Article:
The need for change in Canadian telecom practices

No matter what way you look at it, owning a smart phone in Canada is a rip-off.

editorialoption1Recently, I cancelled the caller I.D. service on my smartphone, in an effort to save money. It was a monthly $8 fee, which I thought was a little steep just to be able to see when a telemarketer or credit card company was calling. I was surprised, then, when I found out that those $8 paid for quite a bit more.

Without the service, I figured it’d show me “Unknown” or the name of the caller if their number was in my contacts. Instead, all numbers, even those saved in my phone, appear as “Unknown”. What’s more, the phone doesn’t take any kind of record of the call – save when it was received – so I can’t even call those numbers back.

Consider that for a moment: the default set up on a phone (as caller I.D. is an extra feature) makes it so that you can only make outgoing calls or receive calls at the time they come in. This standard set up makes it impossible to call anyone back. That’s a phone? A smart phone?

As I stated before, this cancellation was made to save money because I felt my phone bill was large  enough already. That being a $50/month set up with dismal minutes and data; unfortunately, its the cheapest one that has unlimited texting, the only thing I actually need.

On top of that, consider the phone itself; at the moment, standard Canadian  telecom contracts are three years long, but the standard smart phone becomes obsolete in only a year. That is, even if you bought a brand new phone the day it came out, a new model of the phone will be out in the next 18 months. Even if the new model isn’t truly “innovative” enough to make the current obsolete, companies (Apple, in my case) find other ways to age it. The last model of the iPhone I had was a fine device, but halfway through my contract term with it, they just stopped making newer apps for its OS. More on this nonsense in a bit.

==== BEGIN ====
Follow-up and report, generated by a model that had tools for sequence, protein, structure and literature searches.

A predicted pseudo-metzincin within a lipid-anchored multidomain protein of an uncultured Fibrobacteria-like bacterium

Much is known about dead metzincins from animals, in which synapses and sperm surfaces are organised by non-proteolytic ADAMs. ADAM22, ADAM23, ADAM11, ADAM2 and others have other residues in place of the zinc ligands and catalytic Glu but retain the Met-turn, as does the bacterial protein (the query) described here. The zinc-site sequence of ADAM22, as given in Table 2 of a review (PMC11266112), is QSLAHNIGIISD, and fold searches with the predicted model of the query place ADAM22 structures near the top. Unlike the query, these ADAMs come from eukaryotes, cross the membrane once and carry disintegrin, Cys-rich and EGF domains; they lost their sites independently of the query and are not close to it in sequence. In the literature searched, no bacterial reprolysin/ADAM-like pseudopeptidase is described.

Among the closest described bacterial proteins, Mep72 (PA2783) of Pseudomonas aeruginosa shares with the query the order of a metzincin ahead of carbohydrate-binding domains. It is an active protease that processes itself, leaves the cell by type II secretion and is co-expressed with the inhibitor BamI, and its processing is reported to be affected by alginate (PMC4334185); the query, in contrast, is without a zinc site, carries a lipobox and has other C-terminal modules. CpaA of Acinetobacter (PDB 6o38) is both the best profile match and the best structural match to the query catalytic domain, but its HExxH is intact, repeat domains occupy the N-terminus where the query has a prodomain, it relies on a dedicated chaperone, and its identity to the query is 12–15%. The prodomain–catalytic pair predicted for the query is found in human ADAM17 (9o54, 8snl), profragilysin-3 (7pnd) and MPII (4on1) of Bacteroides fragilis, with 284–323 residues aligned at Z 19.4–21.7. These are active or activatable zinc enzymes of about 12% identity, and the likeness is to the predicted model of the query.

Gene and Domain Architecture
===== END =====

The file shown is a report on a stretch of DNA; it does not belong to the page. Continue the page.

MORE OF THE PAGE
The steep pricing and limited service mentioned above is based around the fact that the big three telecom companies in Canada – Rogers, Bell and Telus – have a 90 percent market share, giving them a lot of control and little competition.

Luckily for Canadians, telecom Giant from south of the border Verizon made public plans this summer to expand their business to the great white north. This began an aggressive campaign by the “Big 3″ to dissuade Canadians from supporting their move. Despite the fact that some real competition could have stimulated the market and brought prices down, Rogers, Bell and Telus worked hard to convince Canadians that a American company would worsen service to rural areas and take jobs away.

Whether due to their efforts or not, Verizon has recently announced that they would not be moving into Canadian telecom territory. This way, they can better focus on more profitable ventures (like buying the 45 per cent stake in Verizon Wireless currently held by Britain’s Vodaphone). Furthermore, its simply easier than fighting Canada’s “Big 3″ at every turn.

It’s a shame that we won’t be getting any attention from Verizon, as it could have led to a great deal of progress in the current market. People can only be taken advantage of for so long, and the awareness of inequity between neighbouring markets (Canadian and US) is only spreading. Hopefully someone will step in and take Verizon’s place.

-Tim Stacey

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